Theater Survivor Describes Loss
Air Force Reservist died protecting friend.
Former soldier and Air Force Reservist Jesse Childress was the kind of guy who would do anything for anybody.
“My brother’s wheelchair broke,” said one long-time neighbor in Lake Los Angeles, where Childress grew up. “He fixed it and didn’t charge him a dime.”
Childress was one of the 12 people killed in Friday morning’s shooting rampage at an Aurora, Colorado movie theater.
He was there at the midnight showing with fellow reservist Munirih Gravelly when James Holmes allegedly set off a can of tear gas before opening fire in the jam-packed theater.
"As soon as that little gas can exploded, I said, 'This is wrong,'” Gravelly said. “At first when I thought it was a prop, the part of the movie that it came in on, I thought, ‘That doesn’t make much sense.'”
Gravelly described how she dove for the floor when she heard gunfire.
"I felt something hit my hand really hard,” she said. “It hurt, but I figured I could worry about that later. So I just kept my face down.”
She never saw the gunman, but Gravelly, who was wounded by buckshot, vividly recalls reaching for her friend and movie-going companion, Staff Sgt. Jesse Childress.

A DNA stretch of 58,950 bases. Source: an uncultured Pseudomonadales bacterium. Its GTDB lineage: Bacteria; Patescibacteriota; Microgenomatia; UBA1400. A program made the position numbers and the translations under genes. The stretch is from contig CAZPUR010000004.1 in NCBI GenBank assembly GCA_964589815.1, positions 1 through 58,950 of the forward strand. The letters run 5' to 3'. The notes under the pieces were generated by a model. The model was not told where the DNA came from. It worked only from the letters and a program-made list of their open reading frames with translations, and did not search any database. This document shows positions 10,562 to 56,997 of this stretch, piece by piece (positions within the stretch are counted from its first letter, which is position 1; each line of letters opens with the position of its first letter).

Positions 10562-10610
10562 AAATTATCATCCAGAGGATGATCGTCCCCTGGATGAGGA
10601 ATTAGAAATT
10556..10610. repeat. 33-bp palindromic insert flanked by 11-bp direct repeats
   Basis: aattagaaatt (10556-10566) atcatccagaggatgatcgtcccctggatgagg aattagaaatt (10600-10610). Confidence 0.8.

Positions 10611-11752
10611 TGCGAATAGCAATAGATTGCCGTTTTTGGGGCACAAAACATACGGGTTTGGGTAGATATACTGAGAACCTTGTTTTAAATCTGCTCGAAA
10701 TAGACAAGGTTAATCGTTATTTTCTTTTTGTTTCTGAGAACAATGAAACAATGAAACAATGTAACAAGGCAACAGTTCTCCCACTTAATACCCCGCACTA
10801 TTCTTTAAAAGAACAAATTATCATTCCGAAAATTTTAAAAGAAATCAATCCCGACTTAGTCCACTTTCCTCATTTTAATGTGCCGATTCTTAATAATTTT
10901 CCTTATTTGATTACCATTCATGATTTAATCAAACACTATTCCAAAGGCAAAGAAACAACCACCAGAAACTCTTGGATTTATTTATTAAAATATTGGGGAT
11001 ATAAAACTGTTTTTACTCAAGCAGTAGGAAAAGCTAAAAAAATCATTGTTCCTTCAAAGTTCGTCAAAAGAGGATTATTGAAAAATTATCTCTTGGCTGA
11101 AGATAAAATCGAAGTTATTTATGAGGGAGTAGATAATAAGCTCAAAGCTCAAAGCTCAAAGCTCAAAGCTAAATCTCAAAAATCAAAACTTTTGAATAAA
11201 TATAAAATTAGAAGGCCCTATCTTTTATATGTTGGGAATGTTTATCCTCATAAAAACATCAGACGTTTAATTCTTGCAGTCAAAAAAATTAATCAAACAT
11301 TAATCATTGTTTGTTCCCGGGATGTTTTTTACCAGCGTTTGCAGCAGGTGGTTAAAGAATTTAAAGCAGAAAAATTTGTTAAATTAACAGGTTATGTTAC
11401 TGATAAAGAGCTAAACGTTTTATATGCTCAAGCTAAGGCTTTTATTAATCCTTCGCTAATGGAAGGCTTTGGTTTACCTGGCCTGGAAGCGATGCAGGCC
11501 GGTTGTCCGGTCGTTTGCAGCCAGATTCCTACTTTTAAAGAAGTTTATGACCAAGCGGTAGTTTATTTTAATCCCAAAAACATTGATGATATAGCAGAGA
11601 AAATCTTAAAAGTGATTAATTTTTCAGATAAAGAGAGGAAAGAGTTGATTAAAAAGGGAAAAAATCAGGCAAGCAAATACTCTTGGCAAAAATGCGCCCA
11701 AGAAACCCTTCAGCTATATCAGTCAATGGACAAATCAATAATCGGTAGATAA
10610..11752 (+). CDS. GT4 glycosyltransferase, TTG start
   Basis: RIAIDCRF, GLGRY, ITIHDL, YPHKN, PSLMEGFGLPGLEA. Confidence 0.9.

"He wasn't moving. He was really still,” she recalled. “I’ve never seen anybody so still. We shook him and called his name and he didn't respond."
Gravelly said she feels tormented over how Childress died.
"I feel really sorry that he's gone,” she said. “None of us noticed until the lights, until it was over, that he was gone. None of us were there to hold his hand, look him in the eye while he passed."
She looks back in disbelief, at how it started so innocently.
A long-awaited midnight screening with friends.
"We were really happy, the theater was full,” she said. “Everyone started to cheer when the movie started.”
Gravelly said the military trains you how not to make a bad situation worse.
"Maybe I was a coward for just staying there,” she said, tears welling in her eyes. “Because I lost a friend, you always wish there's something you could do."
Gravelly weeped when she talked about how close she came to never seeing her daughter again.
“She just turned 6 in July,” said Gravelly of her daughter. “Who’s ever going to be able to explain why I'm gone?”